UN Envoy Discusses Beating of Lawmakers

The U.N.’s human rights envoy to Cambodia said on Tuesday that she raised the violent attacks on opposition lawmakers outside the National Assembly in October during the first day of official meetings for her latest fact-finding mission to the country.

Rhona Smith, who arrived Monday and leaves next Thursday, spent the morning with Nguon Nhel, the acting president of the National Assembly. She said they discussed a wide range of issues, including the attacks on opposition lawmakers Nhay Chamroeun and Kong Saphea, who were beaten and severely injured by protesters.

Wan-Hea Lee, country representative for the UN's human rights office, left, and Rhona Smith, the UN's special rapporteur on human rights in Cambodia, arrive at the Ministry of Justice in Phnom Penh on Tuesday. (Siv Channa/The Cambodia Daily)
Wan-Hea Lee, country representative for the UN’s human rights office, left, and Rhona Smith, the UN’s special rapporteur on human rights in Cambodia, arrive at the Ministry of Justice in Phnom Penh on Tuesday. (Siv Channa/The Cambodia Daily)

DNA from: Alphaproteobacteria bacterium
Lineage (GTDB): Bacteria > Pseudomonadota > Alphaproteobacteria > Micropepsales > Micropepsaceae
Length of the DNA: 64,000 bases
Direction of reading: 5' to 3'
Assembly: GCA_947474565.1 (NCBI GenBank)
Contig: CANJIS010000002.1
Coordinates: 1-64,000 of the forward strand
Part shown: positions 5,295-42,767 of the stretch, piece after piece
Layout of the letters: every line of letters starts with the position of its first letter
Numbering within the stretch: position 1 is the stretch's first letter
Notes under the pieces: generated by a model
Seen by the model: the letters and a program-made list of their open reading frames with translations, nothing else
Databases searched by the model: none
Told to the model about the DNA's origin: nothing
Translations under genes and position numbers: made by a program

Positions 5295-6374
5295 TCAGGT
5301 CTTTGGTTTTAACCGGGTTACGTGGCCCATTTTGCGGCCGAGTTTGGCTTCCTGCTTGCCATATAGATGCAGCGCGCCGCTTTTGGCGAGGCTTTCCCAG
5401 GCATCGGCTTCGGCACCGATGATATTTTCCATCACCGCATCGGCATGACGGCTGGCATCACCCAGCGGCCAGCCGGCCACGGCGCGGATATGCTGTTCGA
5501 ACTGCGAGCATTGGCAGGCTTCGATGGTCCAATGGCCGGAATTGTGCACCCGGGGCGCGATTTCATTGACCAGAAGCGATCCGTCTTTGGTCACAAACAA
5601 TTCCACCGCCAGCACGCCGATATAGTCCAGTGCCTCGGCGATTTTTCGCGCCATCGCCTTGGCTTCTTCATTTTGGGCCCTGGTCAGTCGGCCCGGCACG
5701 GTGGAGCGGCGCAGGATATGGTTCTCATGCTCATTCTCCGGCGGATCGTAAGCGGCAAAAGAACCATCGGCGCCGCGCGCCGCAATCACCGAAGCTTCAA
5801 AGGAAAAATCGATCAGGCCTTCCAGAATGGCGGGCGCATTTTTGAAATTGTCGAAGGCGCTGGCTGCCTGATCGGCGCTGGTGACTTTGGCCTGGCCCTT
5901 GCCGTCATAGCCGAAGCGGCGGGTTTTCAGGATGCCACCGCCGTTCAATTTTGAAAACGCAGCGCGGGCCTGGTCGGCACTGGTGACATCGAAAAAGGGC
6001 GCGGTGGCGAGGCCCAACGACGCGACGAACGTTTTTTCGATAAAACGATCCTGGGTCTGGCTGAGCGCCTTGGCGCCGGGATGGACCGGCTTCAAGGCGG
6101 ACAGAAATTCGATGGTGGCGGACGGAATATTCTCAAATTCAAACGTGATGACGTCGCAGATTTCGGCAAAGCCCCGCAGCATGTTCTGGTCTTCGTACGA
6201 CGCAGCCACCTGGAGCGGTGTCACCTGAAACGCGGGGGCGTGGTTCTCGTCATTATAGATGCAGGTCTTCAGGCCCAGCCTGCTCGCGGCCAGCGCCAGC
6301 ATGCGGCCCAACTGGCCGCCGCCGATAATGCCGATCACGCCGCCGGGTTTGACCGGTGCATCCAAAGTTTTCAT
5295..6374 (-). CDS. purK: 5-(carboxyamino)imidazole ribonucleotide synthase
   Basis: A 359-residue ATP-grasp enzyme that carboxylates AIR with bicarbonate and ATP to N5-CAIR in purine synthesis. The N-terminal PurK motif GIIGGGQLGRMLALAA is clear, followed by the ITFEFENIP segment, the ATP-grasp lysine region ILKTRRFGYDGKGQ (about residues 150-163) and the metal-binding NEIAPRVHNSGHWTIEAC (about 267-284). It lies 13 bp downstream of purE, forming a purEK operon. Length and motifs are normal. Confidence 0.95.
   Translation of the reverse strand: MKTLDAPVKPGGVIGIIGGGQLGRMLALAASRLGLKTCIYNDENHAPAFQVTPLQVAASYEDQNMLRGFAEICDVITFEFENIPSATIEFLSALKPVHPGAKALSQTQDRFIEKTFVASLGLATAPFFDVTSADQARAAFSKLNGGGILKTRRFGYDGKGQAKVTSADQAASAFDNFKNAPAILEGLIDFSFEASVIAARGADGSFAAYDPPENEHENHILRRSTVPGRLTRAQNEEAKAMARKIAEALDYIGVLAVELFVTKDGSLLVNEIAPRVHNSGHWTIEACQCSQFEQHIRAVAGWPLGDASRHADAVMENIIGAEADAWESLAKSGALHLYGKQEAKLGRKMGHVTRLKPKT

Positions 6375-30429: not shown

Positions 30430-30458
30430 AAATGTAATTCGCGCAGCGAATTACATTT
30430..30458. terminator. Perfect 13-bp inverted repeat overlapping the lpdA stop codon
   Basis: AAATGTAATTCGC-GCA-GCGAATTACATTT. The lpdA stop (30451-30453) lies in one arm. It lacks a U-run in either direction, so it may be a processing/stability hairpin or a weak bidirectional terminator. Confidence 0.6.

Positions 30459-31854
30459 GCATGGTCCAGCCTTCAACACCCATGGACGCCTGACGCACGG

“The main issue I discussed was the need for the National Assembly to guarantee the security of all members of parliament at all times and the issues concerning the fact they were attacked so close to the building,” Ms. Smith told reporters.

Three soldiers were arrested for the attack and remain in provisional detention after being charged with intentional violence. The government has refused to say what unit the men were members of.

Assembly spokesman Leng Peng Long confirmed that the attacks were discussed on Tuesday.

“We have condemned the perpetrators, and the government has taken legal action on that issue,” he said.

After meeting with the ministers of culture and environment, Ms. Smith met with Justice Minister Ang Vong Vathana to discuss ongoing reforms at the ministry.

Ms. Smith declined to say whether she had seen any improvement in the courts since her first visit in September but added that Mr. Vong Vathana had assured her that progress was being made.

“I think there’s often a difference between what the laws say and then the implementation, and His Excellency made it very clear they were working towards trying to translate the laws into the best possible practice to protect rights in Cambodia,” she said.

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